PARIS — Innocent until proven guilty was the message from town officials and residents at the first selectmen meeting since police Chief Michael Madden was charged with drunken driving three weeks ago. 

Asking that judgment and action be reserved until after all the evidence came to light, residents told selectmen — the police chief’s boss — the situation deserved due process.

Selectmen issued a joint statement Monday saying they have launched an independent investigation into the incident. Citing town policy and employee rights laws, they declined to comment specifically. 

Madden, 50, was stopped by a Cumberland County Sheriff’s deputy on Harrison Road in Naples just after midnight Nov. 21 for driving erratically, according to the Cumberland County Sheriff’s Office.  

Madden was reportedly cooperative, transported to the Bridgton Police Department, booked and issued a summons on a charge of operating under the influence. As reported by the Advertiser Democrat, the deputy drove him home. 

Madden returned to work Nov. 29, according to town officials.

He is scheduled to appear for arraignment in Bridgton District Court on Jan. 20, after which the results of a blood-alcohol test will be released. A copy of the deputy’s report log from the evening has been sealed until after Madden’s court appointment, a spokesperson for the Cumberland County District Attorney’s Office previously said. 

Reading aloud a news release, Board of Selectmen Chairman Ryan Lorrain said the personnel matter must remain confidential. 

“Be assured that this matter is under investigation and please understand that we are unable to comment upon specifics at this time. Findings will not be made public until the investigation is complete and any appeal of that decision is finalized,” Lorrain said.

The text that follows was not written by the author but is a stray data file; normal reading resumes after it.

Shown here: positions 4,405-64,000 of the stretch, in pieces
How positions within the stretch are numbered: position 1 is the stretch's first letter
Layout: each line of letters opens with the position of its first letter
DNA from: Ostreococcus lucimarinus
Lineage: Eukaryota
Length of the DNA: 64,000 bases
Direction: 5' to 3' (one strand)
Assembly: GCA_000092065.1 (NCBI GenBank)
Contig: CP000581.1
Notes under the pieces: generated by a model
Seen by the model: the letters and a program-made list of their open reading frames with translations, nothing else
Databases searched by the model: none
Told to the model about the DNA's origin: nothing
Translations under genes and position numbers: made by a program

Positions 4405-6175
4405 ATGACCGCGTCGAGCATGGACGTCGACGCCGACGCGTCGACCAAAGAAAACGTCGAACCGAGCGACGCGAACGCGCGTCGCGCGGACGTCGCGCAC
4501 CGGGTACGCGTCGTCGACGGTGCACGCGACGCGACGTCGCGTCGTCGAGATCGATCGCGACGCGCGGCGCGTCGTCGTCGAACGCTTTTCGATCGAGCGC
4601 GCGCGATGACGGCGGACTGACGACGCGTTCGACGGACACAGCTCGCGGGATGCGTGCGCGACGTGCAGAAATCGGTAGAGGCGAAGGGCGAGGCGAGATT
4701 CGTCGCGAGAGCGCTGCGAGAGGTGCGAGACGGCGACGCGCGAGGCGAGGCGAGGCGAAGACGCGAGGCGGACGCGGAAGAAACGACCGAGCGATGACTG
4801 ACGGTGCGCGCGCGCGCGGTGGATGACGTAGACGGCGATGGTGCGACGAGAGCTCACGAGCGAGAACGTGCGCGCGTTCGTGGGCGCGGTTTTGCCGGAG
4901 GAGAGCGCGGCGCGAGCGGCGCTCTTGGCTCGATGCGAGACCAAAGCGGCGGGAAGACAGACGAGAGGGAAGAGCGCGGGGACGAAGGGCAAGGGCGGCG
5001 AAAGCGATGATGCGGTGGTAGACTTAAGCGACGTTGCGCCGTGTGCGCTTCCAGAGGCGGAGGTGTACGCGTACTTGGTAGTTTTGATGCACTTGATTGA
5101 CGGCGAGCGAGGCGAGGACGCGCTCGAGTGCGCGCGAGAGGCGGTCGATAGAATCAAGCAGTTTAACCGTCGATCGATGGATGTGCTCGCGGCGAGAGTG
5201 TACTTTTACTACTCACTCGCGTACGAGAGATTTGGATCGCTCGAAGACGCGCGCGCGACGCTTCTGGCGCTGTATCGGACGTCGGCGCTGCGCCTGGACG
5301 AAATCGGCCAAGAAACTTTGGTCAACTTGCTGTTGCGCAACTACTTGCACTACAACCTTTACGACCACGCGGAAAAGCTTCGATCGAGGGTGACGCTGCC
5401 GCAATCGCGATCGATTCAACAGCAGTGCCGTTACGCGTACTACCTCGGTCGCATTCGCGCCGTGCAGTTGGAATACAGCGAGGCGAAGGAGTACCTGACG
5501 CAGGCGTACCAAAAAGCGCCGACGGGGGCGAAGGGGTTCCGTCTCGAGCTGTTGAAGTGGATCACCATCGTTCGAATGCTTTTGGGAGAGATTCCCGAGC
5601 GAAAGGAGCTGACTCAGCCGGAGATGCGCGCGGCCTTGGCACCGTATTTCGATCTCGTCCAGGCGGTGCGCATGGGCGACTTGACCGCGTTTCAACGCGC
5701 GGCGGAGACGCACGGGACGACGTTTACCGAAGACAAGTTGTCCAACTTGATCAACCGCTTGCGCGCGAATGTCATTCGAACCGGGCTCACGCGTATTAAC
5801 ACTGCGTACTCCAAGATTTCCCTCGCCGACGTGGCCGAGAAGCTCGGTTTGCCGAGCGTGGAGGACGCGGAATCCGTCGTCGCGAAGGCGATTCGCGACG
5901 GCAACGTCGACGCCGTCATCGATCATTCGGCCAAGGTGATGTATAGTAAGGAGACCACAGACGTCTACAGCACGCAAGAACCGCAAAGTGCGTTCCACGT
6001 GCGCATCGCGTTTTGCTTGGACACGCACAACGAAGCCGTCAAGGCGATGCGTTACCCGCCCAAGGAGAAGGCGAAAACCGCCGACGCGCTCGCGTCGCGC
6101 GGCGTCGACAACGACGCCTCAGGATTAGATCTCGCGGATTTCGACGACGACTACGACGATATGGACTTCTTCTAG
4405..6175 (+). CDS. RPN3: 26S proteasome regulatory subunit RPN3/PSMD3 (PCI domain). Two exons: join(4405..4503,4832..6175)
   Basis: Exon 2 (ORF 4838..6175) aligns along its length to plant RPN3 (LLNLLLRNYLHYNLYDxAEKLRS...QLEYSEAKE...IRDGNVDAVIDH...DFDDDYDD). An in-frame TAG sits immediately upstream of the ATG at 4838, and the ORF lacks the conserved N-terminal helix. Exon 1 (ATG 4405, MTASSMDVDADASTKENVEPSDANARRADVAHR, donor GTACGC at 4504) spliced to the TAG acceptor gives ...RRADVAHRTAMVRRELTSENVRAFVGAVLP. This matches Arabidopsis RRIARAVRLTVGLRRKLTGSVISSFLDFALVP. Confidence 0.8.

Resident Mike Risica said the issue should run its proper course, saying the chief had done an outstanding job in making the department more professional. 

“I think you guys ought to give him a fair shot,” Risica said.  

Resident Kathy Richardson seconded that. 

“We need to hear the results of the investigation. Unless there’s God sitting in this room, I think we need to reserve judgment,” Richardson said.  

Rick Little asked if an operating under the influence conviction would bar an employee from getting insurance, and Town Manager Amy Bernard said she didn’t have the information readily available.

Town officials have not acknowledged Madden was charged with operating under the influence. In the letter read aloud Monday evening, the statement read: “We are all aware that there was (an) incident involving Chief Madden and the Cumberland County Sheirff’s Office in November.” 

Resident Lawrence Reid however voiced his disapproval, saying that drinking and driving is a conscious, meditated choice and that the chief had “lost my trust.” 

“I don’t think it’s a thing that should be forgiven,” Reid said.

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